1. Are there any such hidden charges in your system? If so, please list them, and explain how a buyer can discover them. Explain if there is any simple way that the property can be freed from them.
a) In our system there are several charges that can or have to be transcribed in the Land register in order to have effects against third parties. For example:
- Leasing and rents lasting more than 9 years
- Limited rights such as usufruct, use, habitation
- Right of habitation in the marital home, in case of separation, when the right is stated in a judicial decision
- Easements and superficie
- Public rights to use the land still existing such as Levels
- In all the mentioned cases, a proper search in the L.R. should give all related information.
b) There can be other charges that are not mentioned in the land register. For example:
- Adverse possession or Usucapio (in the LR one can find only the transcription of the decision declaring the usucapio, but before this moment a buyer cannot find out if someone is acting to gain the adverse possession)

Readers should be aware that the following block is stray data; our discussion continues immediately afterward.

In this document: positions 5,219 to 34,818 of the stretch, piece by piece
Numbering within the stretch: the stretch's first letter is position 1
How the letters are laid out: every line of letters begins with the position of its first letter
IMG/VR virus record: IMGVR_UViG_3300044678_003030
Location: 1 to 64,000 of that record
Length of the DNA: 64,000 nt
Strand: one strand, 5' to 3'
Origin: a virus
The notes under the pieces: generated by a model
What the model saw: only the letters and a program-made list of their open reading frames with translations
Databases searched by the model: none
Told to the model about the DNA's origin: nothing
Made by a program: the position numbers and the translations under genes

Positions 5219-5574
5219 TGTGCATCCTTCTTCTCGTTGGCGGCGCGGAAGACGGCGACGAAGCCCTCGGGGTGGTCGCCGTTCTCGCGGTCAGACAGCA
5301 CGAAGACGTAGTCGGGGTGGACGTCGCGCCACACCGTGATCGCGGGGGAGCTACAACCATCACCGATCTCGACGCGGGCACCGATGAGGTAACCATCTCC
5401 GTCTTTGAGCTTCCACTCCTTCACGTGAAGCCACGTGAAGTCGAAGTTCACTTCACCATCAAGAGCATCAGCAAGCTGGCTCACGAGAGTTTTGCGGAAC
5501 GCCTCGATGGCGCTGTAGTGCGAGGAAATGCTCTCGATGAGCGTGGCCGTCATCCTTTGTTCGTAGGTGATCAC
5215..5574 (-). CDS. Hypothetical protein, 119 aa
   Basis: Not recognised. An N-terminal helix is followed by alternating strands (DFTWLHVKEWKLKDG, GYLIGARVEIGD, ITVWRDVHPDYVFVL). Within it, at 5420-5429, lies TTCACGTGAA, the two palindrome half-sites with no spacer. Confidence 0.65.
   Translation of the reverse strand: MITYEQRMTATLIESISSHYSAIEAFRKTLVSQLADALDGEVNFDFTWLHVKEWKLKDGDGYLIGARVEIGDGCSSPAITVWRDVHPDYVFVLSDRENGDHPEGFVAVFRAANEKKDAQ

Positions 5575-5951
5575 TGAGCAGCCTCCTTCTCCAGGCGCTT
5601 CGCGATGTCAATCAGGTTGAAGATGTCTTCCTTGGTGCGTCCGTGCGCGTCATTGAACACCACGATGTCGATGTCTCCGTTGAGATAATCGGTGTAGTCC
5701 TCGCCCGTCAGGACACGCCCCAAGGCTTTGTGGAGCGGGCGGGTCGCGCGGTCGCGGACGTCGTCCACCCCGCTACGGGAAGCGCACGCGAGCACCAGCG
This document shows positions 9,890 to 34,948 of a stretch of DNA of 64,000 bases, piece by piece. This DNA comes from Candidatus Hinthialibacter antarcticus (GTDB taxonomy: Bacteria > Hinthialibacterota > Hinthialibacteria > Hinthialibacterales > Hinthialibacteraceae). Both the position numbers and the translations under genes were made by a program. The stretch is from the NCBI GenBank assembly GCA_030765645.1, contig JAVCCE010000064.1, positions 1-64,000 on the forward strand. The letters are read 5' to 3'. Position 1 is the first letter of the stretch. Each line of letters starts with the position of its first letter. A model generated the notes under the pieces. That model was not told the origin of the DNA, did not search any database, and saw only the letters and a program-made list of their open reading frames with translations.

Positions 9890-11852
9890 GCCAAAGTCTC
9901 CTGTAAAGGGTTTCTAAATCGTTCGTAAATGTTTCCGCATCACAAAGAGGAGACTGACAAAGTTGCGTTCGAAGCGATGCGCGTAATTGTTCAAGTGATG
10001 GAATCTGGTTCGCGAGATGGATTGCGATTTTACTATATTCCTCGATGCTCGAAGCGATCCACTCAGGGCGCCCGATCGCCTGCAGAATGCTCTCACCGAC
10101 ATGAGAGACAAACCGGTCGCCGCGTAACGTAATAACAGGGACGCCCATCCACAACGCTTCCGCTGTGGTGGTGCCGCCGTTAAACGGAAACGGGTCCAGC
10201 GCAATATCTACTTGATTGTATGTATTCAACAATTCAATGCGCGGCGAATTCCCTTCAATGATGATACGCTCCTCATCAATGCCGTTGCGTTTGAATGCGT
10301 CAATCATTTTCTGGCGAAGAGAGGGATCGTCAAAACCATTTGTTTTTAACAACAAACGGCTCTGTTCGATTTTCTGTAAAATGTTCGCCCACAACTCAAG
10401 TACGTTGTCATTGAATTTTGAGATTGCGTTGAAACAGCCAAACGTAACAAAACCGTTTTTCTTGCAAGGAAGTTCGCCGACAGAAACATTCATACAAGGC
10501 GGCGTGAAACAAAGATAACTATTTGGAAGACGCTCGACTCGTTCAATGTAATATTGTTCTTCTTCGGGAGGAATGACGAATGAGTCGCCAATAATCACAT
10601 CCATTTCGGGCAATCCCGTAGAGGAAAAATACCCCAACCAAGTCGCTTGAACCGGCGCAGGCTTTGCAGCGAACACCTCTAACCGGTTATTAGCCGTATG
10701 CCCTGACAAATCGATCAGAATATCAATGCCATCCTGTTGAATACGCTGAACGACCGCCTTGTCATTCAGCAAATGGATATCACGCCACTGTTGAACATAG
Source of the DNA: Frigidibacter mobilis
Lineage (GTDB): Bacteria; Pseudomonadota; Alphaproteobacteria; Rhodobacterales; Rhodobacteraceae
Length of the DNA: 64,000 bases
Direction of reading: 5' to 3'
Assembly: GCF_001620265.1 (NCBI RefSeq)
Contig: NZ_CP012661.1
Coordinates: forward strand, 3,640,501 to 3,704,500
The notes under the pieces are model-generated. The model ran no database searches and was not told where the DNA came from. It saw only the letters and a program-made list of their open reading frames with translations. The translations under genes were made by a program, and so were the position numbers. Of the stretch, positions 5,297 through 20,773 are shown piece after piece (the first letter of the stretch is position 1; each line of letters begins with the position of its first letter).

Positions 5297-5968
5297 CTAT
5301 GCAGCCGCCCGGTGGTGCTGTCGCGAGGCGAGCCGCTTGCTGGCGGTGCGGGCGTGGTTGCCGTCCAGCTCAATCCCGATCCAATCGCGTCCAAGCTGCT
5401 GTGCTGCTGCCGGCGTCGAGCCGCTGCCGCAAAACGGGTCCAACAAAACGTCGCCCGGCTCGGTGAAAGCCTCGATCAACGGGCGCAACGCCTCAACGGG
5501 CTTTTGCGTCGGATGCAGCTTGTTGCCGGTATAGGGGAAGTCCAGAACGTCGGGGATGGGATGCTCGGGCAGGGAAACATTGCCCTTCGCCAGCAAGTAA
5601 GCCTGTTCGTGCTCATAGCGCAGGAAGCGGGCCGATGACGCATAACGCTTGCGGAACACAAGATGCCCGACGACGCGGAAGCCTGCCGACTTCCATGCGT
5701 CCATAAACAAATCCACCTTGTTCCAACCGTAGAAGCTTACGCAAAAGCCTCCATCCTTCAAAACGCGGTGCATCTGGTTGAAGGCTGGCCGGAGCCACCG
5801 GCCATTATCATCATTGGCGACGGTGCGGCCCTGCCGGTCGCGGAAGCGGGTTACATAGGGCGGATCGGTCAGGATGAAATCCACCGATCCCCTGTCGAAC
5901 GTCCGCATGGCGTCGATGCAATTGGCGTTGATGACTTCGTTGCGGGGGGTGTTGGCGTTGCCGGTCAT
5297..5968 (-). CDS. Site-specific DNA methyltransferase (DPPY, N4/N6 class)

- Fiscal charges such as the debt of the previous owner related to transfer taxes (usually the notary requires the seller to give a declaration, issued by the competent revenue office, concerning possible fiscal debts)
- Municipal or other public rights of pre-emption, due to the public utility of the property or its artistic value.
- In all these cases there isn’t a public register where needed information can be found. Usually the Notary collects the needed declarations or permissions.
2. Do any of these, or any other similar matters, have priority over a mortgage, where the lender was acting in good faith and was unaware of them? Explain if there is any simple way that the property can be freed from them.
- Adverse possession means an acquisition unencumbered by other real rights. Thus the property is acquired free from mortgages.
- If there is a fiscal debt related to the property, the State has a privilege on the property, that is the right to be preferred to the other creditors, both mortgagee and unsecured, in case of execution.